Place on smoker for approximately 90 minutes, or until internal temp registers 175°F / 79.5°C, then remove and allow meat to rest at least 20 minutes before slicing.

Just had a slice, and boy, is it tender. Now all I need is a bolillo or a Kaiser roll, some mayo and either mustard or bbq sauce, maybe some of the living butter lettuce we have in the fridge, and I’ll be one happy camper… even if I’m not at Cantina Río Coves in Galicia.

Some pig!

Such a Tool

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Everything put together can be taken apart

Everything put together can be taken apart

No cook or chef I know — myself included — ever seems to have enough storage space. The recently acquired Piment d’Espelette doesn’t fit into the spice rack, the deal you got on parchment paper at Costco means you’ll be keeping it in the garage (or worse, the back seat of your car), and measuring spoons often exhibit a sock-like knack for going missing unexpectedly, particularly at a mission-critical juncture. The folks at Progressive International have more or less solved this last dilemma with four sets of measuring spoons that have mastered the art of spooning, in that they nest — and remain — together in the drawer. No more hanging spoons off a ring like a jailer’s keys. No more trying to eyeball 7.5 mL’s worth of baking soda in a 15 mL spoon.

From a design standpoint, they are elegant and really thought through. First, they have measuring bowls at both ends, one narrow for digging spices out of small-necked jars, one round and well suited to liquids. How many times have you had to wash or dry your measuring spoon because you were moving from wet to dry ingredients? Problem solved. Second, they are flat on the bottom, so they sit perfectly on the counter or stovetop, making it easy to drizzle in a little liquid from the jug of olive oil or vinegar. Third, because the stems and bowls are flush, it’s easy to scrape across the top to level off dry ingredients. Fourth, they display both metric measurements and their archaic counterparts. And finally, they lock together, keeping them beautifully compact and always at the ready in the storage drawer. As a special bonus, any spoons superfluous to your current project can remain locked together, presuming you arrange them from smallest to largest.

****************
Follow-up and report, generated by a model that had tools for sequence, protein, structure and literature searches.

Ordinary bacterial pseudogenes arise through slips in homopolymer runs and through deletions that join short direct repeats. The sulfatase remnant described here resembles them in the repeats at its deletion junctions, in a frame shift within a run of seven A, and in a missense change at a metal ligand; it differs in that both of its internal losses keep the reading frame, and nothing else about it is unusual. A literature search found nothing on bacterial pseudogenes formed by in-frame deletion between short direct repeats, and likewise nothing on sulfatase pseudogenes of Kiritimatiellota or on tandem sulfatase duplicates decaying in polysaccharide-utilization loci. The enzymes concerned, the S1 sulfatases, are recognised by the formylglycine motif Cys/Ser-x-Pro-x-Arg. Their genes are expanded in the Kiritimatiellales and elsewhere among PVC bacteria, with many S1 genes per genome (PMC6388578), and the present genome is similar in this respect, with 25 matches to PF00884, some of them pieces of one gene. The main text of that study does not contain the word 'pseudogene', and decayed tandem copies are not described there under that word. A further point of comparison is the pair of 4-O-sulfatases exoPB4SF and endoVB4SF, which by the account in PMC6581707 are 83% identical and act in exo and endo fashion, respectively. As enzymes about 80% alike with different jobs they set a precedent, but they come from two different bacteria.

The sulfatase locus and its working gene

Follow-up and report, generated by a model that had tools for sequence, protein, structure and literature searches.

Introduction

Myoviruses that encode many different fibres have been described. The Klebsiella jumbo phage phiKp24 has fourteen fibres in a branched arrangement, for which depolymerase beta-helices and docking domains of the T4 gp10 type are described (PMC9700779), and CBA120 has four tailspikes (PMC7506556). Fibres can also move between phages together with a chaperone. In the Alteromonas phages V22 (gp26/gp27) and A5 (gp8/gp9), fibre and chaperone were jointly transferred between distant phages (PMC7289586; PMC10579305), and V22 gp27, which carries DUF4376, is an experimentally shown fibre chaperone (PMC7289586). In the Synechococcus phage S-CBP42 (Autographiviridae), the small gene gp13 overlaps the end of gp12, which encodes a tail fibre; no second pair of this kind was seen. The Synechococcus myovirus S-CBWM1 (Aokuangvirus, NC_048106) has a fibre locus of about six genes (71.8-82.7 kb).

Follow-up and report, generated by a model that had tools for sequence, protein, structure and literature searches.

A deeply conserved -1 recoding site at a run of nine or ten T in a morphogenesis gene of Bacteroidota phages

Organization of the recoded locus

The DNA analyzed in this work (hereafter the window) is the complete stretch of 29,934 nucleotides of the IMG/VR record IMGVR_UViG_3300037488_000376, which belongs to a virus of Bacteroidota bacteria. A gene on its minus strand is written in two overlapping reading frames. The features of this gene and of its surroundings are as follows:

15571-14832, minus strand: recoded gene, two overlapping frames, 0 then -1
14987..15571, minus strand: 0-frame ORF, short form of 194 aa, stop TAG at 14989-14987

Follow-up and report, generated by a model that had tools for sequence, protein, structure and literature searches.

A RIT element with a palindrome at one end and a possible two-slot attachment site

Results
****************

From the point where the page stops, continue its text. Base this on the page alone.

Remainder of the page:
Measuring spoons spooning

Measuring spoons spooning

The set I have (pictured above) are made of stainless steel and snap together mechanically at the mid-section, but you can also get a snap-fit set made from plastic, and both plastic and stainless versions with embedded magnets to wed them.

Brilliant. Simple. How ever did I get along without them?

Next up for this kitchen: Progressive International has adapted the genius bit to measuring cups. Gotta get those without doubt.

[NOTE: While many of these links send you to Amazon.com, Progressive International products are available through a variety of retail channels, both brick-and-mortar and online.]

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Special kudos to iheartorganizing.blogspot.com for their photo of kitchen drawer chaos. Makes me feel like I’m right at home. And to theoatmeal.com for the first coherent explanation on why socks can’t live together in peace and harmony. [They’ve also neatly outlined the difference between mayonnaise and Miracle Whip in an R-rated strip.]